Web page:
NetManager backup server overview
Multi-generation efficient file copies
NetManager Backup uses rsync to copy files from the source. rsync copies only files that have changed and, when possible, only the parts of the files that differ. Files are pulled by the NetManager backup at a scheduled time; the server being backed up does not push the data to the backup server. This means that servers to be backed up need to run a backup service. Communication between the backup server and the device being backed up can be compressed and certain files can be skipped. The backup server uses a username and password to identify itself to the device being backed up. The username and password should be the same throughout your network, but this is separate from all other users (i.e. this is not an Active Directory or NetManager user). If some of the servers to be backed up are outside of your administrative control, you can specify an alternative username and password for specific servers.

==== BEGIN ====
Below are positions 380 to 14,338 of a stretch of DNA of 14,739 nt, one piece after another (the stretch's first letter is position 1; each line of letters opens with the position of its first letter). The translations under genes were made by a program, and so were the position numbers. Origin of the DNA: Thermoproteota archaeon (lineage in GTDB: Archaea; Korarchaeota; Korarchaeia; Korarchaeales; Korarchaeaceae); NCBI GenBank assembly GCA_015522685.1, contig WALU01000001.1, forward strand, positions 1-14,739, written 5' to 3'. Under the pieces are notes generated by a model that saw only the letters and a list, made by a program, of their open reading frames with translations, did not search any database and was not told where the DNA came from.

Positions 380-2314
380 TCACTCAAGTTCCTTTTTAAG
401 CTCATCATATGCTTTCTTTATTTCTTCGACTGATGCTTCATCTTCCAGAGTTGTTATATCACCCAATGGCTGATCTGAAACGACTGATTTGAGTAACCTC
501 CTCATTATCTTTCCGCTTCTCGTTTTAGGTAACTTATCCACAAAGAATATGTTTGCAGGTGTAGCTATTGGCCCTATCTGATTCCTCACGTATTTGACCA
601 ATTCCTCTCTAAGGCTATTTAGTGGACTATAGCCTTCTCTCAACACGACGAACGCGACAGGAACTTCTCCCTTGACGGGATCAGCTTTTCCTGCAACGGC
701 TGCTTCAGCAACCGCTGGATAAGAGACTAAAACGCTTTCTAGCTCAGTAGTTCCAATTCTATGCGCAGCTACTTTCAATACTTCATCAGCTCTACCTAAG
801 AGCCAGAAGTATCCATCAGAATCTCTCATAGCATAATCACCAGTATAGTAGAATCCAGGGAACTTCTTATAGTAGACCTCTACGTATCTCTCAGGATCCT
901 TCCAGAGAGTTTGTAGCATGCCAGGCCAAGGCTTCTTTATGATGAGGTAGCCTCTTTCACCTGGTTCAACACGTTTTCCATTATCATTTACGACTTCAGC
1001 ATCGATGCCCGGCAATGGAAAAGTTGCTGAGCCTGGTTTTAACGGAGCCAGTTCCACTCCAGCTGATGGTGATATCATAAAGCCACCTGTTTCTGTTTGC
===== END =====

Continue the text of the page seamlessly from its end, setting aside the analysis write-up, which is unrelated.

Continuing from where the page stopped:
runrsync command performs the backup and if run without any options will backup all configured shares on all servers. The syntax at the time of writing is:
$Revision: 1.59 $ Syntax: runrsync [-ehlLnvqsrRot] [-m <email address>] <service ...> -d = output log to stdout once backup completed (useful for email from cron) -e = update and edit configuration file, then quit -h = this help -l = list shares to be backed up, then quit -L = list all files, but don't copy -m = Email log file to specified or pre-configured address. This option requires the server to be able to email via an SMTP server. You can specify this option more than once to send to multiple email addresses -n = do a dry-run, but don't actually copy or delete files -o = backup to remote server over ssh (uses /etc/netmanager/rsync.conf) -p = remove previous folders over a given number of days old -P = as -p but quit without running backup -r = restart transfer on data timeout -R = number of times to restart (default 20, 0 = for ever) -s = back up to local machine (uses /etc/netmanager/localbackup.conf) -S = copy symbolic links as files (only for settings share) -t = timeout setting in seconds (default 45 (300 if -o), 0 = no timeout) -v = lists all files (adding more increases diagnostics) service names are in the format "share@server" runrsync syncs to configured list of rsync shares